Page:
"I had no idea what I was doing and I had my ass handed to me," he said with a chuckle. "I was not having a good time. I actually hated it."

Undersized, he took a beating against bigger, more experienced men.

"It made things difficult but it also made me learn things the hard way. I really had to learn how to have good technique, instead of using my weight."

He stuck with it and added muscle to his body in the gym — he weighs some 30 pounds more today than he did in his senior year at SFU.

"It was almost like overnight one day it just felt like it clicked," he said of playing prop.

Marshall, loosehead prop Hubert Buydens and captain/hooker Pat Riordan have been front-row fixtures for Canada at the tournament as coach Kieran Crowley has fielded his strongest lineup for each game.

Marshall, who spent three years trying to make the World Cup squad, says the tournament experience has been first-rate.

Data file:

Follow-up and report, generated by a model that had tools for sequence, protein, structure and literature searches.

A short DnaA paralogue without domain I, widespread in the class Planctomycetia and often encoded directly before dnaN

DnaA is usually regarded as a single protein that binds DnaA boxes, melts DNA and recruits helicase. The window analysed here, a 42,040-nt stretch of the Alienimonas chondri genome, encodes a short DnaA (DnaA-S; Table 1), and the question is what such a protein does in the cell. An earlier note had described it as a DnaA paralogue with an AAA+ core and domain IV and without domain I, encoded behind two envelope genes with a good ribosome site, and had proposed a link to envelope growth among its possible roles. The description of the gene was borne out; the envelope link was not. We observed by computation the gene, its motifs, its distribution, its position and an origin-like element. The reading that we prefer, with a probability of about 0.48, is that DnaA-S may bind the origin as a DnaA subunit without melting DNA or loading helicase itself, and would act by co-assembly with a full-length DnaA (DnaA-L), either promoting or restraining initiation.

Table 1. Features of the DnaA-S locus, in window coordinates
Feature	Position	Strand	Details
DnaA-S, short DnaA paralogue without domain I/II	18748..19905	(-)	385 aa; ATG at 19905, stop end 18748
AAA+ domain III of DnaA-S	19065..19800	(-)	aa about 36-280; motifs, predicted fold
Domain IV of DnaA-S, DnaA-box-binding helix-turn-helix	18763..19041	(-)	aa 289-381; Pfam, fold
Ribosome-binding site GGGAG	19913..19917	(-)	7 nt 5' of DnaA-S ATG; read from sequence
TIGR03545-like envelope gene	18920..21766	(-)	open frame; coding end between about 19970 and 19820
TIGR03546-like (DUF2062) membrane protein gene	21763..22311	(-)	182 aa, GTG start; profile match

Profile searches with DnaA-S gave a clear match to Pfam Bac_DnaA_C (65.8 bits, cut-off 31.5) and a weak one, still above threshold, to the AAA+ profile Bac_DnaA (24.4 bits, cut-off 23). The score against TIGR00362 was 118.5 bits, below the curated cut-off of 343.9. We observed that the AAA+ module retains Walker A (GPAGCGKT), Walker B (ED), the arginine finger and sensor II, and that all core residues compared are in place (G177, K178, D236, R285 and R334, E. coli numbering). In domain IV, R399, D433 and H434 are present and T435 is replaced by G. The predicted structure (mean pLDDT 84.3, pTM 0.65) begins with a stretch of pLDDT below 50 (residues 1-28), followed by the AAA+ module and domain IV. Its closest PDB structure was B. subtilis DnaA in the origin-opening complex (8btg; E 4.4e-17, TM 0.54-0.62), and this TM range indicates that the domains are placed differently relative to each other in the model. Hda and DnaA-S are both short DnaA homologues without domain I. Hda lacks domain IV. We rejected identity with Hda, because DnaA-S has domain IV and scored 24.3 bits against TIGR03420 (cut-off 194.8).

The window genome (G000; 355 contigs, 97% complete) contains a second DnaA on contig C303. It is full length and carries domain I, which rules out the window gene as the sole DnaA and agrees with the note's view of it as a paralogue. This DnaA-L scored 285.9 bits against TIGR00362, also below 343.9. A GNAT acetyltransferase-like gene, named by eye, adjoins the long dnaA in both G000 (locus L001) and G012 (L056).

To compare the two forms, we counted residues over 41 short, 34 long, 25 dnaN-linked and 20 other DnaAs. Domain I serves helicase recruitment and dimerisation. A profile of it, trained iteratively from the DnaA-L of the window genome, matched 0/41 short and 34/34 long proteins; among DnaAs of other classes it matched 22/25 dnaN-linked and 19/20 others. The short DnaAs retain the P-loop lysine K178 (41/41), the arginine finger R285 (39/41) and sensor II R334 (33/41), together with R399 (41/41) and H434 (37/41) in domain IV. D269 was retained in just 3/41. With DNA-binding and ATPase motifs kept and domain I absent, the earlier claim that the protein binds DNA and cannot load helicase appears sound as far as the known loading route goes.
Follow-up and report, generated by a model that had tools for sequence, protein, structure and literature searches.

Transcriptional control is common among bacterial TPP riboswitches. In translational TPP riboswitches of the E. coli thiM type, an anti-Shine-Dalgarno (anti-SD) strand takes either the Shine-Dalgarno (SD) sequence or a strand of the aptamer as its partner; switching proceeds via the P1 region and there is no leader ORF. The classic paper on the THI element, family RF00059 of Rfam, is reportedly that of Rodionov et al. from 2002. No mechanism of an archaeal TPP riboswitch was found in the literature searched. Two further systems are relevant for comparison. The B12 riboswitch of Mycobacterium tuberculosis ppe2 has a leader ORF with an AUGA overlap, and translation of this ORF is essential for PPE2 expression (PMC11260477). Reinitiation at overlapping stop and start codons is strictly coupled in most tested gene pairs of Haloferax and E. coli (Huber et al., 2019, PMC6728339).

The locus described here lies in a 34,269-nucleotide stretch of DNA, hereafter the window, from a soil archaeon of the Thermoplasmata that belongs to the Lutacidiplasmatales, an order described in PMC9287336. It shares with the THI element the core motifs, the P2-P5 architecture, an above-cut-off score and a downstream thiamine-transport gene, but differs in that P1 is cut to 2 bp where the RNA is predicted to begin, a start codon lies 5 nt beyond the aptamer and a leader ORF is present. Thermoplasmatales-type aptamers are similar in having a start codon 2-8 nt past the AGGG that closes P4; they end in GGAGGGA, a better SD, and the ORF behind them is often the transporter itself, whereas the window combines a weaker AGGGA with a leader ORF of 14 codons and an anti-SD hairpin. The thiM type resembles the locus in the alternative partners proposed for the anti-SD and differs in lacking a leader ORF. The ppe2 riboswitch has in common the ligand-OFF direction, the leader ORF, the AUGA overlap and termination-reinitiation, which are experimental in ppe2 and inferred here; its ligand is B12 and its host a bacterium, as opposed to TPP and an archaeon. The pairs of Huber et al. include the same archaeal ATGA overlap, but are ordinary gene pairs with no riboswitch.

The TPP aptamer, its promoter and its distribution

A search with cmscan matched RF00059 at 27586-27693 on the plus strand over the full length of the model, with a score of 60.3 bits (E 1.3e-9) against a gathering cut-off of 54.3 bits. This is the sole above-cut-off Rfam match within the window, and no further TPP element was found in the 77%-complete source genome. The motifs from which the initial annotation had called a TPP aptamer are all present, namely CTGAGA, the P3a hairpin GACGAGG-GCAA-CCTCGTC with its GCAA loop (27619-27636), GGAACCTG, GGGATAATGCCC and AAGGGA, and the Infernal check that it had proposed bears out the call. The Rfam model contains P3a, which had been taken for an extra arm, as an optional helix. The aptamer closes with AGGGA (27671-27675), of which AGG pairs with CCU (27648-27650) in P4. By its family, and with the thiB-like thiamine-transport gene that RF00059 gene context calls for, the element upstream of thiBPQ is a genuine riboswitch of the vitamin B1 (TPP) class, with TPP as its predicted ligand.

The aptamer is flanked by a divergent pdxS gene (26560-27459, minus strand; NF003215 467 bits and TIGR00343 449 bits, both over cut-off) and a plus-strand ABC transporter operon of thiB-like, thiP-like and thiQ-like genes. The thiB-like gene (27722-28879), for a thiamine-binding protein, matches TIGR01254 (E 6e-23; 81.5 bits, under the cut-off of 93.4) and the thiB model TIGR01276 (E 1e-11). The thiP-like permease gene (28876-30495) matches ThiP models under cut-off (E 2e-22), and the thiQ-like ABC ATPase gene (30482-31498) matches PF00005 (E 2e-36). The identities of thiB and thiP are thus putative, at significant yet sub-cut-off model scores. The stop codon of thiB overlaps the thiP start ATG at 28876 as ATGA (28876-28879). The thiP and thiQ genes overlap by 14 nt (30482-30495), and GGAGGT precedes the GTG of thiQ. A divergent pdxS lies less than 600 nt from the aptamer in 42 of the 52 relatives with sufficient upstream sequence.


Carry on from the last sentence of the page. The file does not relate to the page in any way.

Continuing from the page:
"It's gone by so fast," he said. "I catch myself, like 'God, it's almost over.' ... It's an awesome time.

"It is all about the rugby but at the same time we're trying to experience as much as we can what New Zealand has to offer."

In Canada's opening game, Marshall found himself up against hard-nosed Tongan Sona Taumalolo.

"Guys were playing with their hearts on their sleeves, making huge hits, sacrificing the bodies, making great runs and making awesome plays," said Marshall.

The Canadians emerged upset 25-20 winners.

"Everything just kind of fell into place. To me it was one of the best moments I've ever felt, when the final whistle blew and we won."

Marshall soon had a different kind of feeling.

"I was sore for about three days. I couldn't even move. My back was cracking every time I moved my neck. It felt like the body would never feel better."

"Pain is kind of a temporary thing if you get the result," he added. "If I had broke my arm in the Tonga game, I probably wouldn't have felt it due to the fact of how happy I was that we won the game."

Having made it to the World Cup, Marshall now looks to earn a pro contract and play overseas — no easy task given European rugby restrictions on imports that make Canadians less attractive than some more establish players in the sport.

He has already had initial talks with some clubs but says nothing has been finalized yet.